Archive for the ‘Sex’
Dr. Agnes Bueno answers your questions on sex and reveals her favorite fictional psychiatrist. (Enjoy the information with some fava beans and a good chianti.)
50 Shades is not erotic, sex addiction doesn’t exist, monogamy is unnatural. Listen to our podcast with Dr. Agnes Bueno.
Kristen Schaal of The Daily Show on sexy Halloween costumes.
Listen to Part One of our interview with pediatric psychiatrist and human sexuality expert Dr. Agnes Bueno here.
Everybody thinks about sex; the question is, how often? Is it possible to think about sex too much? (What is “too much”?) Is it possible to not think about sex at all?
Around the time we declared independence from our parents and moved into a place of our own, we turned on the TV late one night and discovered the woman who has the answers. With her high intelligence and erudition, her direct manner, her colored contact lenses and decolletage, and her absolute refusal to treat sexuality as a subject “not suitable for polite company”, she helped to liberate us from our silly, giggly notions about love and relationships.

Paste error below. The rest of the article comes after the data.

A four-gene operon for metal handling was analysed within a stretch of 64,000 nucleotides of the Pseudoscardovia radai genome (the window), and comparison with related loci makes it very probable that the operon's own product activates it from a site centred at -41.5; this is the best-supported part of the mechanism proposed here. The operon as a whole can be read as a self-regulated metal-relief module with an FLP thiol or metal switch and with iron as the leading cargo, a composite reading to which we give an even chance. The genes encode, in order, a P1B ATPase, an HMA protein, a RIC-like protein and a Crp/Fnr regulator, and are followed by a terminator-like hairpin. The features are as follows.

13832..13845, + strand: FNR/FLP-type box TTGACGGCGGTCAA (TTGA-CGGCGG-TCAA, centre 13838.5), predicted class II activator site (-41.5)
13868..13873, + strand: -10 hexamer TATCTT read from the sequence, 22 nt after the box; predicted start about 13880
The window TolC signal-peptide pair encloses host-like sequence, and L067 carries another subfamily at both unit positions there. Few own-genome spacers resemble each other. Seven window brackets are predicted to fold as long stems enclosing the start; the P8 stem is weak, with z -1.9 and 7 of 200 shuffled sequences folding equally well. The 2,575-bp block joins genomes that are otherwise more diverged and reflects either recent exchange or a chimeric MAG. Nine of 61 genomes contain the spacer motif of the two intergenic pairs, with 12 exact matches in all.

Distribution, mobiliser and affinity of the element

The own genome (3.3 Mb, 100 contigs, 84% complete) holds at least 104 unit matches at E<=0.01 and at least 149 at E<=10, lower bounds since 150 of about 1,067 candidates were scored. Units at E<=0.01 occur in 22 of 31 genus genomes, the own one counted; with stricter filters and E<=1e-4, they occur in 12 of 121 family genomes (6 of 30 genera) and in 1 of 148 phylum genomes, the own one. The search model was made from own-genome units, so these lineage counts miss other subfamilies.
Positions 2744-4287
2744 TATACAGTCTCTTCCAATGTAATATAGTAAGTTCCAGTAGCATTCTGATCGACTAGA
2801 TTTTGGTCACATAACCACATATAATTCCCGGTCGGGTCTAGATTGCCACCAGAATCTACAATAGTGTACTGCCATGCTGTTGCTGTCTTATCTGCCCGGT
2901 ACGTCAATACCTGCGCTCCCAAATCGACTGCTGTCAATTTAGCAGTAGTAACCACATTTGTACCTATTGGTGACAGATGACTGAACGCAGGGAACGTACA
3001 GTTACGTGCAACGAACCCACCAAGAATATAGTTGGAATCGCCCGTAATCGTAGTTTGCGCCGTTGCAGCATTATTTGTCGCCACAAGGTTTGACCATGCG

On Tuesday we’re doing a podcast with the famed psychiatrist and human sexuality expert, Dr. Agnes Bueno. We’re tackling everything you’ve always wanted to know about sex but didn’t know whom to ask (or were afraid to ask for fear of being judged and condemned as a maniac). So post your questions for Dr. Bueno in Comments, and we’ll try to cram them all into the podcast next week. Don’t be embarrassed; she won’t be.
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The 50 Shades of Grey books being devoid of literary value, does their use as masturbation helpers for the creatively-challenged justify their existence?
Could you recommend some good erotica?
Which fictional couples (from novels, movies and TV) would you say have healthy relationships?
Why do some people insist on staying in abusive relationships? Do they feel they deserve the abuse? Get their kicks from being abused?
Is Freud still relevant to the times?